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peachykeen248's Achievements

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  1. The only reassurance I can offer that I'm probably not the latter is that I doubt I have 20k hours of practice
  2. All of the Handel sonatas in this collection actually seem great for what I was looking for: not too intimidating but with a couple of challenges, plus ample opportunity for adding one's own interpretation. Ok, I'll play through once or twice simply because I'll be too self conscious to send over a recording of a true sightreading, but otherwise I'll send it over as it comes out when I get a chance!
  3. Thanks so much for your response, and I'm glad to find someone who can relate! Ultimately, my end goal is to get out and play with other people. An orchestra would be great, and a chamber group would be even better. This was what I enjoyed most when I was young too, so it really comes full circle! I loved the experience of a string quartet having an intimate little musical conversation. This video of the Jasper String Quartet is just perfect. But of course, teachers tend to get students playing major solo works in order to demonstrate mastery. This made a lot of sense when I was thinking about college auditions, but not so much now. I'd like to have something to work towards, but not in any hurry. In the past, I've also enjoyed folk/bluegrass and play a little mandolin and guitar, so if I can't find a proper classical chamber group, I'm more than happy to settle for one that's a little bit country. @Carl Stross sorry to bug you about this again, but could you clarify which Handel you mean?
  4. Ah for point #1, I was just making a tongue-in-cheek comment on your choice of "his"! For point #2, I'll see what I can do as far as recording. I will need to think about practice time. I have a career separate from music, as I know many do, so I need to consider what I can carve out. Definitely less than 10 hours. I truthfully didn't think much about the use of the word immense. I guess it is subjective. He taught me from ages 15-19 and got me through countless auditions. I went from standard middle school/high school orchestra class repertoire to the pieces I mentioned above and a fair number of the Kreutzer etudes, until I stepped back from playing. I really went back to the basics with my more recent teacher, studying out of Schradieck to address action (and again, tension) in the left hand for a semester, plus some Kreutzer as well.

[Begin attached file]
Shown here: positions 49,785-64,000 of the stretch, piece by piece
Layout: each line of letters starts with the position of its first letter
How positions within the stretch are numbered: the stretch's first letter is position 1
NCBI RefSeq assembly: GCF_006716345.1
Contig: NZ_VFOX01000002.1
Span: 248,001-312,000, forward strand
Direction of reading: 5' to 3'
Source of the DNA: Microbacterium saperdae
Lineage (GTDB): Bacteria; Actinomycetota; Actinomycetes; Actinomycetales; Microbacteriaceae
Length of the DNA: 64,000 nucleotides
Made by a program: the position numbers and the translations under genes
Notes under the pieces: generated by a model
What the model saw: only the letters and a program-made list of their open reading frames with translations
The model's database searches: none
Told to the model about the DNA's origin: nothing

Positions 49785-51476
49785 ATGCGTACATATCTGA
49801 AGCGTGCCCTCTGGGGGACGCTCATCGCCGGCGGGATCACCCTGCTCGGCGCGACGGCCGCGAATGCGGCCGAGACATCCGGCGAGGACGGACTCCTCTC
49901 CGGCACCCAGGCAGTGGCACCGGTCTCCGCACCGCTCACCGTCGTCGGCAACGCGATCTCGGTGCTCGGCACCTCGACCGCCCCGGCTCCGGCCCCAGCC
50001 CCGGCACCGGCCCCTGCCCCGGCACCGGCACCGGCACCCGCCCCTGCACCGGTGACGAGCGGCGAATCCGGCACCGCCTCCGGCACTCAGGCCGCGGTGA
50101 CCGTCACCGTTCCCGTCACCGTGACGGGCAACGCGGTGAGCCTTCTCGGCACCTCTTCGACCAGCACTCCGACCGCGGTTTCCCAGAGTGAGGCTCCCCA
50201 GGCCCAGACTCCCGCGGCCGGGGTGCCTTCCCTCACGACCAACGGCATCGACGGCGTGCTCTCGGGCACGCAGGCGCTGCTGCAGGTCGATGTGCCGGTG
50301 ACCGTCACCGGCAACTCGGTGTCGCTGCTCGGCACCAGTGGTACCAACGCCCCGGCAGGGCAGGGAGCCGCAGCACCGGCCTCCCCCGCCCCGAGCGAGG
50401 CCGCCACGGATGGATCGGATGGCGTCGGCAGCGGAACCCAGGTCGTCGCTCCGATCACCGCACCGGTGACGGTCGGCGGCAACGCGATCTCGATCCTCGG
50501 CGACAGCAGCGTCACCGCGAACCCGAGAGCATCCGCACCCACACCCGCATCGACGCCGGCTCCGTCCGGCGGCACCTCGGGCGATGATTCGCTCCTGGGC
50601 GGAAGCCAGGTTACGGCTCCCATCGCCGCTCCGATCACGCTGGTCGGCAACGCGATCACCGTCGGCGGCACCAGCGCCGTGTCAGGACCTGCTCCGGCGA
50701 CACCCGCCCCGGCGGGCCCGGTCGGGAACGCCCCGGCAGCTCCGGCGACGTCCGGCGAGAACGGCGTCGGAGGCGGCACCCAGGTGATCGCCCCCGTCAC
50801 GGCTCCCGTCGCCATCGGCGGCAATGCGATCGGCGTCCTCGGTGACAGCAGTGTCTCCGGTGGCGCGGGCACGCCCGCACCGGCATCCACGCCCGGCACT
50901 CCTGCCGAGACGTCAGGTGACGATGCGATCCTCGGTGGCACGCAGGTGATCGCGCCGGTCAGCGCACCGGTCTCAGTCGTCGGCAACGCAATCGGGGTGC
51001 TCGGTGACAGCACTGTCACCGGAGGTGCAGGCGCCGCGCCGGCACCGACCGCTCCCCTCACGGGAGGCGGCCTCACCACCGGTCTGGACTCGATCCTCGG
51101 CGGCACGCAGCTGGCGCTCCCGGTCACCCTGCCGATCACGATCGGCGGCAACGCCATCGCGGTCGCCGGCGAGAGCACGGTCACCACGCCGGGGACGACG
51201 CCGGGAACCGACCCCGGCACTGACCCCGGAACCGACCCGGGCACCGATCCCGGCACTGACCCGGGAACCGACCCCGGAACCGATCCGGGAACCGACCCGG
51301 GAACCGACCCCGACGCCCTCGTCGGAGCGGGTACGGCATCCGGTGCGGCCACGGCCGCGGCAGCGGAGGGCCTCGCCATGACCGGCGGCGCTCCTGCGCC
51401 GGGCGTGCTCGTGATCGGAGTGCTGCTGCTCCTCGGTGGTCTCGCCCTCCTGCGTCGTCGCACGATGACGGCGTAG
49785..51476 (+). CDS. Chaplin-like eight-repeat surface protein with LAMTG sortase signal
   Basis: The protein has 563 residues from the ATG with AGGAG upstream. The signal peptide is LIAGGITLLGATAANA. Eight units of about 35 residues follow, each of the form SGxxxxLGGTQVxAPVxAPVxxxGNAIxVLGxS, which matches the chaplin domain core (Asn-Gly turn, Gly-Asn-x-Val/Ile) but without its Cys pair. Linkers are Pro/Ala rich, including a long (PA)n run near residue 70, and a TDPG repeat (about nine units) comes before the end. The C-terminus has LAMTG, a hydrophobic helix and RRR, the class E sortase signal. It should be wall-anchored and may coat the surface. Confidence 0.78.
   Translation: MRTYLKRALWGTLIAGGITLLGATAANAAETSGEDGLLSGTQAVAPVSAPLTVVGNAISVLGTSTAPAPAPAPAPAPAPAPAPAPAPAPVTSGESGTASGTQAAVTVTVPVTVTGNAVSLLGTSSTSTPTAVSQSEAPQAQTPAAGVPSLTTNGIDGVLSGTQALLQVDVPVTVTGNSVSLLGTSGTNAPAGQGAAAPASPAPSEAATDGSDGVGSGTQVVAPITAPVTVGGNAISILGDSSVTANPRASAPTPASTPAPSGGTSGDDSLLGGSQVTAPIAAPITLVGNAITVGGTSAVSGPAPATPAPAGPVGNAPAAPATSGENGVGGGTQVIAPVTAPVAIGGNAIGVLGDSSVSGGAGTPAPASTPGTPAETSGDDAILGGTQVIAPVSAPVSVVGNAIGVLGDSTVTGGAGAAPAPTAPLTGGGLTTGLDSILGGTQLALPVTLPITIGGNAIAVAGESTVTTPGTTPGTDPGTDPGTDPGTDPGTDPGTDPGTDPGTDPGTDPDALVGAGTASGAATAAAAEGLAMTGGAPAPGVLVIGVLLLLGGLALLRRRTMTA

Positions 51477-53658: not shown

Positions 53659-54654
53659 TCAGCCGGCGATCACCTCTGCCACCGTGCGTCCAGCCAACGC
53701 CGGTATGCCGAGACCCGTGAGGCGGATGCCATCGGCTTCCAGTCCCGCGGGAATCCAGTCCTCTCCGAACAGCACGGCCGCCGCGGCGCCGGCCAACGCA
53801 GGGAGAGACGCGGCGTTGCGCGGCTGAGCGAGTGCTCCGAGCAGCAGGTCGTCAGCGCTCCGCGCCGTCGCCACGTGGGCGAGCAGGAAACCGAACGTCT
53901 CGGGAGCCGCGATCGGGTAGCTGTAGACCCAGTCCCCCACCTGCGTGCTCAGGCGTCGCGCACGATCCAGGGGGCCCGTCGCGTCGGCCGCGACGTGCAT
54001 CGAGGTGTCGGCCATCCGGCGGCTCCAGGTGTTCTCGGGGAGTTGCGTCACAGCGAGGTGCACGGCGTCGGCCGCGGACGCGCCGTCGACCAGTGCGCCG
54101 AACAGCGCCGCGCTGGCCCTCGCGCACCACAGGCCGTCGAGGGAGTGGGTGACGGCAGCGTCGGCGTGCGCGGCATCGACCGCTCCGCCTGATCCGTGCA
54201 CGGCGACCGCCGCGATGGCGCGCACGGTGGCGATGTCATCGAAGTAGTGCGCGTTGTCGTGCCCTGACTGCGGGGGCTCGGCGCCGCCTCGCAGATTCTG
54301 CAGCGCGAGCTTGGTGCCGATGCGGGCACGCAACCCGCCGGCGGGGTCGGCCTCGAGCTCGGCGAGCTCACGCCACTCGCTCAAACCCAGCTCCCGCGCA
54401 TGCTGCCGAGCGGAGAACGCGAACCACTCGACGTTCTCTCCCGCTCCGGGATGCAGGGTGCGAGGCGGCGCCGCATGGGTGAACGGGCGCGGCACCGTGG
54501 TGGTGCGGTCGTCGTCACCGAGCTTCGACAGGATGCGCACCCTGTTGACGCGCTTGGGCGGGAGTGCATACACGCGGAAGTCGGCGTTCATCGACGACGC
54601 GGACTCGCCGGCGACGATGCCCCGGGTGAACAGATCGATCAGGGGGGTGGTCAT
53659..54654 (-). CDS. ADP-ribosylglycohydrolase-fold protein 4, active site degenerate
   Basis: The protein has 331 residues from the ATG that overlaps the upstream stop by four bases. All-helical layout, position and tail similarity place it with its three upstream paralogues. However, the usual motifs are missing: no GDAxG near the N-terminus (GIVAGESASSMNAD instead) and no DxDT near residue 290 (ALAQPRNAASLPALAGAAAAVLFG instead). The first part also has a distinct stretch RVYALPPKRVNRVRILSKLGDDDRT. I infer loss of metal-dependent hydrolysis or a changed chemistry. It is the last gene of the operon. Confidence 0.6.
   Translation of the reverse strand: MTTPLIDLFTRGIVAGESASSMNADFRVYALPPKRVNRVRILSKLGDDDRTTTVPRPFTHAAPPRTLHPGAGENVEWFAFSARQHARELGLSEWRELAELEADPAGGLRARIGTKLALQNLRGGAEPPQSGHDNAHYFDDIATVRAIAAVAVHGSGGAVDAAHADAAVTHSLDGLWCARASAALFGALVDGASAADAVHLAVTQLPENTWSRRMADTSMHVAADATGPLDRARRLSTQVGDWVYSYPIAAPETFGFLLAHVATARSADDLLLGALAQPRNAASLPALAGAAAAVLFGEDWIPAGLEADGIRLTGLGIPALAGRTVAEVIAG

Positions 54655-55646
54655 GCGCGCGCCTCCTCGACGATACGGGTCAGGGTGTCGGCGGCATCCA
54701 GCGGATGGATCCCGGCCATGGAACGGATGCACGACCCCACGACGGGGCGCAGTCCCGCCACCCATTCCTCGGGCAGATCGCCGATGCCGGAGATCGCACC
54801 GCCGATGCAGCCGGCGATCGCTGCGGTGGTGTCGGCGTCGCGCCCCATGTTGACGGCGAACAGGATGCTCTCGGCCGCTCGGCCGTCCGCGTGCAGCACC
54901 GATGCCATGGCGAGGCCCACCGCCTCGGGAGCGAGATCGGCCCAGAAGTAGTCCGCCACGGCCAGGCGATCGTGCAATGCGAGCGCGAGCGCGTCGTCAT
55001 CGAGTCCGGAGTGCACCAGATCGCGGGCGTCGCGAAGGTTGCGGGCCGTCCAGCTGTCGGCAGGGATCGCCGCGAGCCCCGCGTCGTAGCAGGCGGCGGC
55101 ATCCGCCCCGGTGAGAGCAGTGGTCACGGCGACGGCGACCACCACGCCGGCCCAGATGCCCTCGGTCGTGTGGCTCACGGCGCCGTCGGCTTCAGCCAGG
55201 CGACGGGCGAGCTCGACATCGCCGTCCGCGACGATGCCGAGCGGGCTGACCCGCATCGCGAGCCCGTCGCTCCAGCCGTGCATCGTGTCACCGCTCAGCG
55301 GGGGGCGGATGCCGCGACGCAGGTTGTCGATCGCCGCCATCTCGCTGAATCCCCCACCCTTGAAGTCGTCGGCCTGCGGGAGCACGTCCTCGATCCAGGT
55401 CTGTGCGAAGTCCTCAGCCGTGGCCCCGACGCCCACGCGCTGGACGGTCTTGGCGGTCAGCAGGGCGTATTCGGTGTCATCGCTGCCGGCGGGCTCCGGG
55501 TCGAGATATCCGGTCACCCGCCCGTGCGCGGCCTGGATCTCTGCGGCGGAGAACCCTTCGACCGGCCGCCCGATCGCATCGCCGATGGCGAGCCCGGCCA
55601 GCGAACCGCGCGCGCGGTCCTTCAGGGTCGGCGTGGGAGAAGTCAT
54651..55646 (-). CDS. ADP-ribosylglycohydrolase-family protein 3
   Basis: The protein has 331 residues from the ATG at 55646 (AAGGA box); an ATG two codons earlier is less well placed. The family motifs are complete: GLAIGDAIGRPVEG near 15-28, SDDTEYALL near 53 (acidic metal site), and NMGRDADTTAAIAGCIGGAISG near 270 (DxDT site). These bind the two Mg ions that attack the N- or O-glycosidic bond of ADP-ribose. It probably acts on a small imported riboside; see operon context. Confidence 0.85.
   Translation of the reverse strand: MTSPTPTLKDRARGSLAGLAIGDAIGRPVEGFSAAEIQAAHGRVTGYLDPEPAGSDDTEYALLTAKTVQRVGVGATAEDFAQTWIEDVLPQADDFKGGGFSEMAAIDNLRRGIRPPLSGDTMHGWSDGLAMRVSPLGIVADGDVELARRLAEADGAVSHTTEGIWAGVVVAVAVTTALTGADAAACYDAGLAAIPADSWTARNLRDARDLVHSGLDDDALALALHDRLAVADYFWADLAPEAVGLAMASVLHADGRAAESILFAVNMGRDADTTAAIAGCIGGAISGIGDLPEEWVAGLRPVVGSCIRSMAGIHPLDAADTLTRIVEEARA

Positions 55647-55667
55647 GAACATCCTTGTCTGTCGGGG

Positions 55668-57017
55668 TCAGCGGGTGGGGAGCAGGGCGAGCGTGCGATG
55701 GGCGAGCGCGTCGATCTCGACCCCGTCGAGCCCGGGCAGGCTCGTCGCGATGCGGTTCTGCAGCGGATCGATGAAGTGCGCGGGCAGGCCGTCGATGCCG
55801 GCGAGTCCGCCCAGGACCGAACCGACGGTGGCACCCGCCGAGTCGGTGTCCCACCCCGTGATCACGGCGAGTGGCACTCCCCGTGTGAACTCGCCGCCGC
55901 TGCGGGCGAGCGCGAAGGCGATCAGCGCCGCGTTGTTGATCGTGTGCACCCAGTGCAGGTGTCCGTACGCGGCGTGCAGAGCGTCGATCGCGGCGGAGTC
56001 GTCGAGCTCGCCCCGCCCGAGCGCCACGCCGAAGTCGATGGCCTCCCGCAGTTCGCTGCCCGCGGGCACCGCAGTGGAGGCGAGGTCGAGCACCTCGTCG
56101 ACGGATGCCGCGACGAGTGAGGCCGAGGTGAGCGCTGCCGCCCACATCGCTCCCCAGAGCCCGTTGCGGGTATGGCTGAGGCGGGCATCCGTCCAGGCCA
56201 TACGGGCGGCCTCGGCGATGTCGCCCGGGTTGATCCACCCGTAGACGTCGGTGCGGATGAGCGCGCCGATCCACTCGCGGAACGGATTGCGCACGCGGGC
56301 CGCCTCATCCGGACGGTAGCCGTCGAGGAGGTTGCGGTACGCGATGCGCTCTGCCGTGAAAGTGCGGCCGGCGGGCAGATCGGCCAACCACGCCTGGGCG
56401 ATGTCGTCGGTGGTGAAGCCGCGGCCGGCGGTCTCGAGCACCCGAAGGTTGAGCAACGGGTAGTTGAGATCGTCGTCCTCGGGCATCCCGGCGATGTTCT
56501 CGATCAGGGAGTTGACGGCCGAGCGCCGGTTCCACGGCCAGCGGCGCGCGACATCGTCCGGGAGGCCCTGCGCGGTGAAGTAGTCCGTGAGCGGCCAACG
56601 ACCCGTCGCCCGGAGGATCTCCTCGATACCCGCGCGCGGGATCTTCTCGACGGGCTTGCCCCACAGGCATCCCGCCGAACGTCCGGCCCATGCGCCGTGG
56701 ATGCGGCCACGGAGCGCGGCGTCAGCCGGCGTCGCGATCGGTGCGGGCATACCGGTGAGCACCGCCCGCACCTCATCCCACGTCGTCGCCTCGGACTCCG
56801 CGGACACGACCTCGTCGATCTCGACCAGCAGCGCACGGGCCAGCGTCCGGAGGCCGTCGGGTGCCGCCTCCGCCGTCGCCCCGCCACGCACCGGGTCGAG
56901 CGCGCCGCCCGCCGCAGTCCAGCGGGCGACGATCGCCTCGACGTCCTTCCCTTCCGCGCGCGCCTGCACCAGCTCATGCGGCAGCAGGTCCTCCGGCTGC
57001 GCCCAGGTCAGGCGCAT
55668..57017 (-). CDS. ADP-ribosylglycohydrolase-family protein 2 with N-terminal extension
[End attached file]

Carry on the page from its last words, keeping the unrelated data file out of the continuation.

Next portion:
5. Believe it or not, there are a few women out there with decades of experience too Thank you for your advice!! I will consider these suggestions as options. Any advice for finding a teacher at this level? I am affiliated with a university, which means it is relatively simple for me to enroll in a "course" with a doctoral student as a teacher. As a young adult, I studied under a local university professor and made immense progress with him, however, it now seems difficult to do that where I currently live as the professors are booked full with their own degree-seeking students (undergrad, masters, AND doctoral makes for a lot of students needing lessons).
  6. I played violin as a teen/early college student, but mostly abandoned it as I got older save for a couple of weddings and a single season in a community orchestra. I started some lessons pre-covid where my teacher was primarily focused on 1. getting some muscle memory back and 2. reducing tension, since repeated injuries were a big part of why I put down the instrument. I have been searching for a new instrument I am more excited about playing and gradually getting back to practicing regularly. Now, beginning in the fall, I will be resuming lessons with a doctoral student at the university in my town and would like to take on a more serious study of a piece that I could eventually perform rather than just a series of short etudes and exercises. I will also be auditioning for a community orchestra; as I understand it, they are very low pressure auditions, and the only instructions we've received thus far are "Specific audition requirements will be announced soon, but in the meantime, begin preparing a short solo piece or excerpt that showcases your skills." A little over 10 years ago, I performed Accolay and the Presto movement of Bach No. 1. I quite enjoyed working on adding dynamics and expression to pieces that might not appear at first glance to be particularly interesting or expressive (in the case of the Bach). I'd really rather not return to working deeply on these, though I'm open to pulling them back out for the audition. So, two questions: What would you work on preparing for an open-ended, amateur audition as described above when you don't have anything solidly prepared already? Do you have any recommendations for my next pursuit, close to the level of the aforementioned pieces: challenging and interesting but not discouragingly difficult for a... re-beginner?